Flushed Away was Aardman Animation’s first (cinematic) foray into CG animation and I think it shows. It’s all perfectly well done but it is just lacking some of the charm and character of their stop-motion work.

I think Aardman Animation have been pretty consistent with their output. So being the worst Aardman film still means you’re better than 80% of the animated movies that are released. That said, I’m really not a fan, and I have absolutely no interest in revisiting it.

6. Chicken Run


Chicken Run was Aardman Animation’s first big-screen release back in 2000, which actually makes me feel incredibly old. This is the story of a sexy rooster (can roosters actually be sexy?) Rocky (Mel Gibson), crash-landing into Mrs Tweedy’s chicken farm. The word on the street is that Rocky can fly, that’s how he ended up there in the first place. Ginger (Julie Sawalha) thinks that Rocky’s high flying antics might be just the thing to help her and her friends escape the farm and certain death.

Guess what? Rocky can’t really fly. He was just a stunt rooster who used to get fired out a cannon. No, I didn’t know that was an actual thing either, but there you go. Eventually Rocky and Ginger and the rest of the gang come up with an elaborate plan for escape. Think The Great Escape with chickens.

I remember really enjoying Chicken Run when it first came out back in 2000. It is a really good film. It’s smartly written and manages to translate some of the magic of the Aardman Animation television work to the big-screen effortlessly. Why, then, is it so low down on my list, I hear you ask? Well the release of Chicken Run and its subsequent VHS release (ask your parents) were timed almost perfectly with my stint working behind the tills at Blockbuster (again, ask your parents). Now, if the promotional video we were sent ever broke, then we were allowed to play films in the shop. Weirdly enough that promotional video used to break almost as soon as came into the store.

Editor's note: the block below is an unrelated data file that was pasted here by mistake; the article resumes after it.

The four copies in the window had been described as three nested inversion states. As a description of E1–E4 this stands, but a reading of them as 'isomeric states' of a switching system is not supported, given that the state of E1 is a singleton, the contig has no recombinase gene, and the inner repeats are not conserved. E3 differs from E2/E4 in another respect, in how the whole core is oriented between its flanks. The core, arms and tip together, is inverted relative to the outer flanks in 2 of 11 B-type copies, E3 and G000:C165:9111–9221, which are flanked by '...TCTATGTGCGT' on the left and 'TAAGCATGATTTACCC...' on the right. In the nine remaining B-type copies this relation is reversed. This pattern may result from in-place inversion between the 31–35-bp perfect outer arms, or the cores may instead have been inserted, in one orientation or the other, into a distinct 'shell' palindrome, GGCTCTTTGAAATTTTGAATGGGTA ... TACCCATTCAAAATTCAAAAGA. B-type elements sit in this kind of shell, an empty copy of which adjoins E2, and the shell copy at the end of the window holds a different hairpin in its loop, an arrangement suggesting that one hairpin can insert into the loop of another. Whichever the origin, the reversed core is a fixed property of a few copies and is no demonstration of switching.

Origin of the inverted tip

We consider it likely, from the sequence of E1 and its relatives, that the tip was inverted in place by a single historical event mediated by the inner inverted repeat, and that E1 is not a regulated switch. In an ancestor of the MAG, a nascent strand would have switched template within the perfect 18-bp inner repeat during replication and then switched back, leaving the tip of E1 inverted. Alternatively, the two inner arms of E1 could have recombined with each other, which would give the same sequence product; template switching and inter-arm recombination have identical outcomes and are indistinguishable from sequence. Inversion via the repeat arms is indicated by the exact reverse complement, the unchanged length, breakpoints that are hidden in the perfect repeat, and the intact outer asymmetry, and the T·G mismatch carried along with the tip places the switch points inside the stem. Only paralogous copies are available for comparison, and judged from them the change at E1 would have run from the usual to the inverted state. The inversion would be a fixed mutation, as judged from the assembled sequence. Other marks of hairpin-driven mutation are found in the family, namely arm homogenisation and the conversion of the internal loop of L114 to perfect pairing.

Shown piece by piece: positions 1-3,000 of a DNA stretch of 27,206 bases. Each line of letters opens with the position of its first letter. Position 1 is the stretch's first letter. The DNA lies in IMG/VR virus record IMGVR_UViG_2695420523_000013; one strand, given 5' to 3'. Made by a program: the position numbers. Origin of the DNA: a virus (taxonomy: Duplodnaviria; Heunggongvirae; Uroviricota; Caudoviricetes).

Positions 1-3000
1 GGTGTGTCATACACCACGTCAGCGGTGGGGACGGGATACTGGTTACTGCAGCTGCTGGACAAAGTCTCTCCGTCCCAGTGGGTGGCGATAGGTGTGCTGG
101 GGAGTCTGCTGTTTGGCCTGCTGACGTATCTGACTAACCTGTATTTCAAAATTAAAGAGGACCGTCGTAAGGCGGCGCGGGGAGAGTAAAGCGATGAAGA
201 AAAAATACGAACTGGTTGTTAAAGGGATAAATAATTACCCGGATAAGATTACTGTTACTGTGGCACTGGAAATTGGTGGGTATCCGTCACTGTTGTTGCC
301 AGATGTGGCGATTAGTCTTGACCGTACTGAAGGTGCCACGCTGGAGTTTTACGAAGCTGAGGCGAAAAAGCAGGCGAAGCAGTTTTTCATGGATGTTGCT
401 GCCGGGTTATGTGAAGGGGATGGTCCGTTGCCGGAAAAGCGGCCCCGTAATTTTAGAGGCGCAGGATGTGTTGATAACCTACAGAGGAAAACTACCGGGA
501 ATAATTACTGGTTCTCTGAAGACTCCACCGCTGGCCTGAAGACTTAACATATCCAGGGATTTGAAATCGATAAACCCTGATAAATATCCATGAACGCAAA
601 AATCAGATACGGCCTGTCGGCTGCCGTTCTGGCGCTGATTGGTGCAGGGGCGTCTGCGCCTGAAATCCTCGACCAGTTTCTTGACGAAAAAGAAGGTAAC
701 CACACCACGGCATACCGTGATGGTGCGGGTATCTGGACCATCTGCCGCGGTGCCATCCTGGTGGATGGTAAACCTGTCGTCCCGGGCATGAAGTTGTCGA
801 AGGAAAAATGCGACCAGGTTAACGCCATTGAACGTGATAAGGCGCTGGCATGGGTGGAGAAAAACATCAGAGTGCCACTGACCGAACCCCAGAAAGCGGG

There were, however, conditions around what films we could and couldn’t watch. Namely that everything had to be a U certificate. This limited the choice somewhat, and it seemed like a really good idea to watch the latest animated releases over and over again. I’m pretty sure it’s the fact that I have seen Chicken Run upwards of 6 times in a single shift that has forever ruined it for me. Incidentally, this is also true of Happy Feet and Cars, which came out around the time of my second stint manning the tills at Blockbuster.

It’s a nice little film but for me, it will always conjure the smell of stale popcorn, the man who came in every week without fail to buy titles from our… gentleman’s range, and the dreadful blue uniform I was forced to wear. Sorry Chicken Run, you deserve better.

5. Early Man 


I went to see Early Man fairly recently. You can get a much better idea of my thoughts in my review.

Early Man is the story of our ancestors as they carved out a living amongst the dinosaurs. All of this changes when a meteor puts an end to the dinosaurs and turns most of the Earth into the cruel and unforgiving Badlands. It’s not all bad, though. The meteor that wiped out the dinosaurs also helps prehistoric man to invent football, when they start kicking the meteor around for fun. Shortly after it has committed genocide, which in retrospect seems a little macabre.